Published on August 5th, 2015 | by Daniel Sherman Fernandez1
Toyota in the UK for 50 years
In 1965 Toyota made a modest entry into the British car market, its arrival marked by a small four-car stand at that year’s motor show. Today, Toyota has not only sold almost three million vehicles in Britain, it builds Toyota cars in Britain also.
Pride and Clark was the original UK importer and distributor, a South London family firm that launched its enterprise after John Pride travelled to the Far East to see the developing Japanese car industry for himself. His faith in Toyota was shared by a handful of car retailers who set up the first Toyota showrooms, at first with just a single model line, the Corona to offer their customers.
Business prospered as the range of vehicles grew, not least with introduction of the first Corolla in 1966. The name Toyota (GB) Ltd was adopted in 1967 and by 1980 200,000 cars had been sold, securing its position as a leading player in Britain’s car market.
Nine years later Toyota announced the UK as the location for a European manufacturing centre. Toyota Manufacturing UK’s Burnaston car plant in Derbyshire and Deeside engine factory in North Wales came on stream in 1992 and have benefited from more than £2 billion investment in technology, skills and jobs. They continue to provide valuable opportunities for more than 200 supplier businesses.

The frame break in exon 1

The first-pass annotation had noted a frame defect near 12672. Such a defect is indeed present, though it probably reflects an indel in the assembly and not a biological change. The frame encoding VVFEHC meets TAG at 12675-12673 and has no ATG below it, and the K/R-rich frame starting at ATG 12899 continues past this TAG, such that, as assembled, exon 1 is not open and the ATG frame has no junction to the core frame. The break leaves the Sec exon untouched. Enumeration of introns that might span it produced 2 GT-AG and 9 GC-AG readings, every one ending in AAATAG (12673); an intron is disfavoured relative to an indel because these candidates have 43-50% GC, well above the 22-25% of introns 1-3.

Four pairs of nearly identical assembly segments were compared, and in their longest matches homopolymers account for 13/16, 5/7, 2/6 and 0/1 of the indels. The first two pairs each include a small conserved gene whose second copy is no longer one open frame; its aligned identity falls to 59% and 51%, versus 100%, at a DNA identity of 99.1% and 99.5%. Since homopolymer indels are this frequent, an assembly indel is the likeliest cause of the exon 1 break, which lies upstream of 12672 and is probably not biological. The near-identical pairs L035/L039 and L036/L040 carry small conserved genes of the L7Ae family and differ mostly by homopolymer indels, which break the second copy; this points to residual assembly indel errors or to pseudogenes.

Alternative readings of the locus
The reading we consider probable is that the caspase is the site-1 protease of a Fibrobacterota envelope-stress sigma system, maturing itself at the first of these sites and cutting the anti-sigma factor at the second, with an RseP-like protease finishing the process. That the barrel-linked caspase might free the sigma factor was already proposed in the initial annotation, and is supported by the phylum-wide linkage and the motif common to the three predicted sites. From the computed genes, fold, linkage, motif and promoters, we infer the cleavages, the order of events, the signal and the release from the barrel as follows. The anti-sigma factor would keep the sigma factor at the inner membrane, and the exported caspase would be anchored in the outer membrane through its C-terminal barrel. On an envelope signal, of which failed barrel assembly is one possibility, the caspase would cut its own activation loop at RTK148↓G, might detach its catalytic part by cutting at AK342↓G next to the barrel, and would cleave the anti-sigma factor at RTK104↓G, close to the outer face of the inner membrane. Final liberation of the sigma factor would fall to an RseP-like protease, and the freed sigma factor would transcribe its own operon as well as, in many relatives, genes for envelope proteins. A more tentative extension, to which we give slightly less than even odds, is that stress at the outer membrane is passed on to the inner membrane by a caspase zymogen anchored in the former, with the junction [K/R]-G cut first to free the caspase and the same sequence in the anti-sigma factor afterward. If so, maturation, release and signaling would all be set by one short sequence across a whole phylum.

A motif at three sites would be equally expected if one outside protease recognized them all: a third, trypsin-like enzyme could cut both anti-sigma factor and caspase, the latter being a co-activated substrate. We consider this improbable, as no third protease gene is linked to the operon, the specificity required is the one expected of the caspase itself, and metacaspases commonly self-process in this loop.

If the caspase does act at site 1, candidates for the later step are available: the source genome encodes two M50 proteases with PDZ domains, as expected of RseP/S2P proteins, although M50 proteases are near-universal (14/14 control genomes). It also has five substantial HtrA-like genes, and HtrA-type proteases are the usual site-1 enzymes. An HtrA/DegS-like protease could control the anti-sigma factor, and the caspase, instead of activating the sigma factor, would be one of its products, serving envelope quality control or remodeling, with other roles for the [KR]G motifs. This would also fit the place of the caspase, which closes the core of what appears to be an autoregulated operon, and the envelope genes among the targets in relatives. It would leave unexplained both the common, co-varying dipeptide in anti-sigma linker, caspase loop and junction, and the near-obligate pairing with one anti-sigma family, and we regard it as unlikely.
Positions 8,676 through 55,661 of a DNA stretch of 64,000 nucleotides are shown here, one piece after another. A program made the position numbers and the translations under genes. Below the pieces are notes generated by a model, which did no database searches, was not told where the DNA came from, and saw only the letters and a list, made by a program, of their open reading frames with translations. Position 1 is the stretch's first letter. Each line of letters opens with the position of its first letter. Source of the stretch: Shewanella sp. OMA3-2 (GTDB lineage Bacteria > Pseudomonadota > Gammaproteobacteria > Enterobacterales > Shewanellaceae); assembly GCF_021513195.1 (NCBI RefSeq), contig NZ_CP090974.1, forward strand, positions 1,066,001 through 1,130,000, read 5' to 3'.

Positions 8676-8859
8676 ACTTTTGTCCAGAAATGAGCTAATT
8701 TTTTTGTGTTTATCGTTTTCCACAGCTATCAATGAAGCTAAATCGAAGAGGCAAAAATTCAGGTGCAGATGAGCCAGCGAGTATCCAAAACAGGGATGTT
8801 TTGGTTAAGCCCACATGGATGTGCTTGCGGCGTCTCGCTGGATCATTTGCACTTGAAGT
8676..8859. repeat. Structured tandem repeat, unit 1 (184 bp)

While Toyota’s focus is on the future and the development of ever-better cars, it honours the achievements of some its influential models of the past in a heritage fleet, maintained by Toyota (GB). The classic line-up includes an original Corona saloon, the famous Corolla AE86 that helped inspire today’s GT86 coupe, a first-generation RAV4 and one of the earliest British-built models, a 1992-vintage Carina E.